Jean-Auguste-Dominique Ingres (French: [ʒɑnoɡyst dominik
ɛ̃ɡʁ]; 29 August 1780 – 14 January 1867) was a French
Neoclassical painter. Although he considered himself to be a painter
of history in the tradition of
Nicolas Poussin and Jacques-Louis
David, it is Ingres's portraits, both painted and drawn, that are
recognized as his greatest legacy.
Ingres was profoundly influenced by past artistic traditions, and
aspired to become the guardian of academic orthodoxy against the
ascendant Romantic style, exemplified by Eugène Delacroix. His
expressive distortions of form and space made him an important
precursor of modern art, influencing Picasso,
Matisse and other
Born into a modest family in Montauban, he travelled to
Paris to study
in the studio of David. In 1802 he made his Salon debut, and won the
Prix de Rome
Prix de Rome for his painting The Ambassadors of Agamemnon in the tent
of Achilles. By the time he departed in 1806 for his residency in
Rome, his style—revealing his close study of Italian and Flemish
Renaissance masters—was fully developed, and would change little for
the rest of his life. While working in
Rome and subsequently Florence
from 1806 to 1824, he regularly sent paintings to the
where they were faulted by critics who found his style bizarre and
archaic. He received few commissions during this period for the
history paintings he aspired to paint, but was able to support himself
and his wife as a portrait painter and draughtsman.
He was finally recognized at the Salon in 1824, when his Raphaelesque
painting of the Vow of Louis XIII was met with acclaim, and Ingres was
acknowledged as the leader of the Neoclassical school in France.
Although the income from commissions for history paintings allowed him
to paint fewer portraits, his portrait of Louis-François Bertin
marked his next popular success in 1833. The following year, his
indignation at the harsh criticism of his ambitious composition The
Martyrdom of Saint Symphorian caused him to return to Italy, where he
assumed directorship of the French Academy in
Rome in 1835. He
Paris for good in 1841. In his later years he painted new
versions of many of his earlier compositions, a series of designs for
stained glass windows, several important portraits of women, and The
Turkish Bath, the last of his several Orientalist paintings of the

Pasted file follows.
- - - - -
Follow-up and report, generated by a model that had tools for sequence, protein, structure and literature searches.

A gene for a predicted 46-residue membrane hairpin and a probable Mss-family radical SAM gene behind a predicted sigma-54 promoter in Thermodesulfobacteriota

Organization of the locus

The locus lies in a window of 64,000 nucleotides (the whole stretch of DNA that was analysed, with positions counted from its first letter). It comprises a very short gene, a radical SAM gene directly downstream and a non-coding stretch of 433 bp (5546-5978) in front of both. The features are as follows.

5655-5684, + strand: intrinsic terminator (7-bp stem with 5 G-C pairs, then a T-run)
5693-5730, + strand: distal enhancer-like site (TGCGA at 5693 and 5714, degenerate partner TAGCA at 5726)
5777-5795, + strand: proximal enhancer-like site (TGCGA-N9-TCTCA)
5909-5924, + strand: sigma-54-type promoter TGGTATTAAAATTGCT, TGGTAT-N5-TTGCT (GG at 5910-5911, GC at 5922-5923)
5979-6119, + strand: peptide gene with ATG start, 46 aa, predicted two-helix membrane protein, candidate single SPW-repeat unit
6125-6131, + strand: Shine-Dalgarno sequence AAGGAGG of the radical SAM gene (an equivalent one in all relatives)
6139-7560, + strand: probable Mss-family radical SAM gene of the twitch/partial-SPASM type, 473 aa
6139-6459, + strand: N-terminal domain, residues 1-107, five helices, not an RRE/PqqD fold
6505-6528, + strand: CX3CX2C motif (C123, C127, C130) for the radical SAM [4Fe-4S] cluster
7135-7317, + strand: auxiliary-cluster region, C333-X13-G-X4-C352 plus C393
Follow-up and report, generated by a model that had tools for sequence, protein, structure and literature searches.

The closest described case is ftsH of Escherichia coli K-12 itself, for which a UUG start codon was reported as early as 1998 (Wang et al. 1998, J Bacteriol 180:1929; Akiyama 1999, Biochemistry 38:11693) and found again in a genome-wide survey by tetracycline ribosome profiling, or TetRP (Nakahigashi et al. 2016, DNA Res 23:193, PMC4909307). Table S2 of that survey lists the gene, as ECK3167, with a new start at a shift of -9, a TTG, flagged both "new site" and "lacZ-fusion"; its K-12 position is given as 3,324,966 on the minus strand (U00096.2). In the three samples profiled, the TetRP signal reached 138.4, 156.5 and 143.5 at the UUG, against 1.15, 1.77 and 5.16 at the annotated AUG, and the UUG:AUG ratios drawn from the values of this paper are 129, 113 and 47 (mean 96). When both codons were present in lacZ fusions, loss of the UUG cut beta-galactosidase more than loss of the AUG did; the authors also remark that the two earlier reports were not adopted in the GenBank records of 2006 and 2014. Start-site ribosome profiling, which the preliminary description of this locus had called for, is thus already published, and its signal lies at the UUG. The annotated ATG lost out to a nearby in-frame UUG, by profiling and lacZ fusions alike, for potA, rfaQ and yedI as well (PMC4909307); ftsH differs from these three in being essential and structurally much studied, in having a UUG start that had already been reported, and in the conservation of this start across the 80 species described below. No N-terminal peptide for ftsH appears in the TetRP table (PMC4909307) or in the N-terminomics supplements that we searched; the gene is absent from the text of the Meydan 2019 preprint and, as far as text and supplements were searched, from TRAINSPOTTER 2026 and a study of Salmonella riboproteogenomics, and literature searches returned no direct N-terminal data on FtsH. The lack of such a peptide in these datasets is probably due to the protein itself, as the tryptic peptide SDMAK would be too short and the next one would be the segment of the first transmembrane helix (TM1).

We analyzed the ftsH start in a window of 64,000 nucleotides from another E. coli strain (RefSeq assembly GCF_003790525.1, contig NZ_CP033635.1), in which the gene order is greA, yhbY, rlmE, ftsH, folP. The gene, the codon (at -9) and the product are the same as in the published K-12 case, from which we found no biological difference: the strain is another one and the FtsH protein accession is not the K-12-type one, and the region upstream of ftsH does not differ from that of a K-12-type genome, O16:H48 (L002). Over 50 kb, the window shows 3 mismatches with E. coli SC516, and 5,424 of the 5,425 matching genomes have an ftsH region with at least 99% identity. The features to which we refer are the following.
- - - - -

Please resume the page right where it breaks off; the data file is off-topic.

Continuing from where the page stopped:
female nude, which he finished at the age of 83.
1 Early years:
Montauban and Toulouse
Rome and the French Academy (1806–1814)
Rome after the Academy and
5 Return to
Paris and retreat to
6 Director of the French Academy in
7 Last years (1841–1867)
9 Ingres and Delacroix
11 Influence on Modern Art
12 Violin d'Ingres
14 See also
17 Further reading
18 External links
Montauban and Toulouse
Ingres was born in Montauban, Tarn-et-Garonne, France, the first of
seven children (five of whom survived infancy) of Jean-Marie-Joseph
Ingres (1755–1814) and his wife Anne Moulet (1758–1817). His
father was a successful jack-of-all-trades in the arts, a painter of
miniatures, sculptor, decorative stonemason, and amateur musician; his
mother was the nearly illiterate daughter of a master wigmaker.
From his father the young Ingres received early encouragement and
instruction in drawing and music, and his first known drawing, a study
after an antique cast, was made in 1789. Starting in 1786 he
attended the local school École des Frères de l'Éducation
Chrétienne, but his education was disrupted by the turmoil of the
French Revolution, and the closing of the school in 1791 marked the
end of his conventional education. The deficiency in his schooling
would always remain for him a source of insecurity.
In 1791, Joseph Ingres took his son to Toulouse, where the young
Jean-Auguste-Dominique was enrolled in the Académie Royale de
Peinture, Sculpture et Architecture. There he studied under the
sculptor Jean-Pierre Vigan, the landscape painter Jean Briant, and the
neoclassical painter Guillaume-Joseph Roques. Roques' veneration of